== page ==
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growing your own weed outdoors

Growing your own weed outdoors

And there’s one last tiny hitch in the homegrown giddyap — and one that’s of particular importance in a city like L.A. where most of us live cheek by jowl: any plants you’re growing must be in a locked space that is not visible to the public.

Fast-forward two months and, instead of the towering THC-laced tannenbaum I was hoping for, I was headed into Christmas week with a seedling — all of 5 inches tall — curving out of its pot at a 45-degree angle. Since A Pot for Pot purchases include growing consults via email, I sent off a few photos and a plea for help. A few days later, I heard back from an upbeat consultant named Taylor who wrote: “Thanks for reaching out! What a cute little plant!” Then came the bad news: Based on the photos I’d sent and the timetable I’d described, Mariah wasn’t going to get much bigger. Taylor’s theory was that I had probably waited too long to transplant Mariah from her seedling cup to her 5-gallon fabric pot, unintentionally creating bonsai bud in the process. But the silver lining, as Taylor pointed out, was that because of her stunted size, there would be more than enough nutrients in the soil mix to support a second attempt in that same pot.

But the desire to get my grow on also has a lot to do with how I grew up in rural Vermont.

In the run-up to 4/20, a look at some of the ways Southern California is shaping the cannabis conversation.

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If you’re wondering why on God’s green earth anyone blessed with the SoCal sunlight would choose to grow a cannabis plant indoors — and shell out money for a light to do it to boot — it’s worth a slight detour here to give you the straight dope on growing your own dope in the state of California (and, by extension, Los Angeles, because the city doesn’t have its own regulations addressing personal cultivation).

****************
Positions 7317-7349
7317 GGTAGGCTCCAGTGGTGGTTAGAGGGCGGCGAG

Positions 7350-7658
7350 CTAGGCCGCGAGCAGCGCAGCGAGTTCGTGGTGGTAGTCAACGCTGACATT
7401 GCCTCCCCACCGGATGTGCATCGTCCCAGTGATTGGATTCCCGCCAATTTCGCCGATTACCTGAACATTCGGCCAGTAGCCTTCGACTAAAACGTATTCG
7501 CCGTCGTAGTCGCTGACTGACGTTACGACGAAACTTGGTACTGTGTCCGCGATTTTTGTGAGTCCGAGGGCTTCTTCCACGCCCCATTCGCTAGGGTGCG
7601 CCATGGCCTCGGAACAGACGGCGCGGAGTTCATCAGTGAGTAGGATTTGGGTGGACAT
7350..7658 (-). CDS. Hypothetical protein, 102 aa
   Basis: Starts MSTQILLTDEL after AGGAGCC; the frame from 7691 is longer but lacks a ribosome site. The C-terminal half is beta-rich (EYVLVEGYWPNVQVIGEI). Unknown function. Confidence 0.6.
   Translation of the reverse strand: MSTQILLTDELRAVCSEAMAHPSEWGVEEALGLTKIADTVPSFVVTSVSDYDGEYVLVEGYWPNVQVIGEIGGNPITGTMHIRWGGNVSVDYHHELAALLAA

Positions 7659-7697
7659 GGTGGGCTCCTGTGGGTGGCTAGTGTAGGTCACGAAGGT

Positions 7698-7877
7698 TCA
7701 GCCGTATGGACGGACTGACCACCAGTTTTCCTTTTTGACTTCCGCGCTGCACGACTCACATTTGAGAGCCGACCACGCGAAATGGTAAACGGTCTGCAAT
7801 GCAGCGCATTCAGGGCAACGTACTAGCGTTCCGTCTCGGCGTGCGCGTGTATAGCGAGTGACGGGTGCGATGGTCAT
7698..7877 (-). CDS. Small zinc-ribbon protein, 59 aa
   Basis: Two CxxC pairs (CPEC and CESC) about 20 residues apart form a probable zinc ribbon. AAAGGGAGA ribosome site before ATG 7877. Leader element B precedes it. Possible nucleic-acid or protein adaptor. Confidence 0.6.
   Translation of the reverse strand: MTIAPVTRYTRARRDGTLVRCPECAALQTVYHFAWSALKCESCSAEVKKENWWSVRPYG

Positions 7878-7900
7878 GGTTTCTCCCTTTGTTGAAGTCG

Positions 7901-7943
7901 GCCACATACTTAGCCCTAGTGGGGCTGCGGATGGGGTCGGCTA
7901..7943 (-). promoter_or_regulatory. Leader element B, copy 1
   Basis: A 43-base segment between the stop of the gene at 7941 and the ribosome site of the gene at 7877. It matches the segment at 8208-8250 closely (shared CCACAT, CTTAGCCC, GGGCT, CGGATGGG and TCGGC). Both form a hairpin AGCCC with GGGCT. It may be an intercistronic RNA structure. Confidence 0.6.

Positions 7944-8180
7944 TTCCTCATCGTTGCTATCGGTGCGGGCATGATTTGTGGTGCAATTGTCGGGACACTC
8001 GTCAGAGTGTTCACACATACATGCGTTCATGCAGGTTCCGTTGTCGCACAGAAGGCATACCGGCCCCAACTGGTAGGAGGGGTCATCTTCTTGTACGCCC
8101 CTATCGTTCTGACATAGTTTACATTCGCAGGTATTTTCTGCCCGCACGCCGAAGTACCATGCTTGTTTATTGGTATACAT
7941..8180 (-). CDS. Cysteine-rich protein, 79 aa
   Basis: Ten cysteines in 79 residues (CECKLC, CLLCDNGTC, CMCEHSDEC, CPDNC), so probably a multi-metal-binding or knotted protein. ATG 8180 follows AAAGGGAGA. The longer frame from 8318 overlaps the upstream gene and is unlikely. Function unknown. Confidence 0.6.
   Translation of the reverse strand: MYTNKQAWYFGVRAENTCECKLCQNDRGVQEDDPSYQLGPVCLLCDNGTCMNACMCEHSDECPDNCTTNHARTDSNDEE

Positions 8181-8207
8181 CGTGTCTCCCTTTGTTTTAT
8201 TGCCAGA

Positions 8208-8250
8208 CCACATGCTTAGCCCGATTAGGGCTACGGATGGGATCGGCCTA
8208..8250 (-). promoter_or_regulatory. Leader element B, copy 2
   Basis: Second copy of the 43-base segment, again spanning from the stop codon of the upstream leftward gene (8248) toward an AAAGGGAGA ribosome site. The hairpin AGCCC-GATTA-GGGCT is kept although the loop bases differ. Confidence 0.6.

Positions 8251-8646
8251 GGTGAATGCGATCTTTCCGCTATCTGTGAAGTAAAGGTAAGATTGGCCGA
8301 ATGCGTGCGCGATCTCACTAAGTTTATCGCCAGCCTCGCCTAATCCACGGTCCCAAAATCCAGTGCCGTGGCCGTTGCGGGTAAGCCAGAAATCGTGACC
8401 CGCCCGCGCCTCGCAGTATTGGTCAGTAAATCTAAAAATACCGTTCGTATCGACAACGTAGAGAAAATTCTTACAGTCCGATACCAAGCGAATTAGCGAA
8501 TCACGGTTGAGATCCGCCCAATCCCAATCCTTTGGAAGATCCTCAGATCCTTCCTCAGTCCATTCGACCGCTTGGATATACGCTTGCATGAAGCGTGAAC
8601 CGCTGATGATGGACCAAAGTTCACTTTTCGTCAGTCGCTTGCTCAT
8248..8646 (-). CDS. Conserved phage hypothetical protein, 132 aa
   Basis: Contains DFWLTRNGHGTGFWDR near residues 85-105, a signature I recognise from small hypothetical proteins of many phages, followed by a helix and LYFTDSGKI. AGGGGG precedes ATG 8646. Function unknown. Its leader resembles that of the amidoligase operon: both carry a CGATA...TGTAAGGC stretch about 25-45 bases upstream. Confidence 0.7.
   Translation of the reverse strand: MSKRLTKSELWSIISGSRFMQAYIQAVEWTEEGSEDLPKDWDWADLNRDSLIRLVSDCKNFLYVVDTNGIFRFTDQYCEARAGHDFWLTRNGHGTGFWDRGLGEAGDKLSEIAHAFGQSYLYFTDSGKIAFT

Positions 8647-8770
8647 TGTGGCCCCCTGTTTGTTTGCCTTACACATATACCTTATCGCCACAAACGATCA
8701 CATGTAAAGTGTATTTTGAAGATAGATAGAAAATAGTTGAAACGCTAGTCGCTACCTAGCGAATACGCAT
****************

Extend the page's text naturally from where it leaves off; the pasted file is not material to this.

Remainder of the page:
I planted my first seed on Oct. 19, 2020, opting for an easy-to-grow strain called Lowryder. Considered one of the first autoflowering strains of marijuana — meaning the plant flowers after a set period of time instead of taking its cue from seasonal light changes — Lowryder is a cross of Cannabis ruderalis, ‘Northern Lights No. 2′ and ‘William’s Wonder’ that yields a compact, indica-heavy plant. Based on the grow guide included in my kit, my plant would be ready to harvest just before Christmas. In a nod to the holiday season timetable, when the first green sprout popped out of the soil a few days later, I nicknamed her Mariah in honor of the chanteuse whose 1994 album “Merry Christmas” seems to flower like clockwork year after year.

While shopping for soil, you might be overwhelmed by the options available at your local garden store. The soil type is the basic structure of your soil. From there, look at nutrients, microorganisms, and other amendments that improve the soil. Your choices will be flooded with words like:

Roof: This can be great for sun but may have too much wind.

For most first-time gardeners, we recommend buying a quality potting soil that will provide your plants with enough nutrients to get them through most of their growth cycle without having to add many amendments. This pre-fertilized soil—often referred to as “super-soil”—that can grow cannabis plants from start to finish without any added nutrients if used correctly.

Loam soils

Weed plants will need full, direct sun for at least 6 hours a day. You may have a backyard, but it might not be great to grow there if it doesn’t get full sun every day.

Soil has three basic consistencies, in various ratios:

Silty soil is the ideal growing medium. It’s easy to work, warms quickly, holds moisture, has good drainage, and contains a lot of nutrients. The best silty soil is dark, crumbly loam—it’s fertile and probably won’t need any amending.

Types of outdoor grow spaces

Sustained temperatures above 85°F will cause your plants to stop growing, while continued temperatures below 55°F can cause damage and stunting to plants, even death.

It’s crucial to have a good understanding of the climate in the area you’re going to grow. Cannabis is highly adaptable to various conditions, but it is susceptible in extreme weather.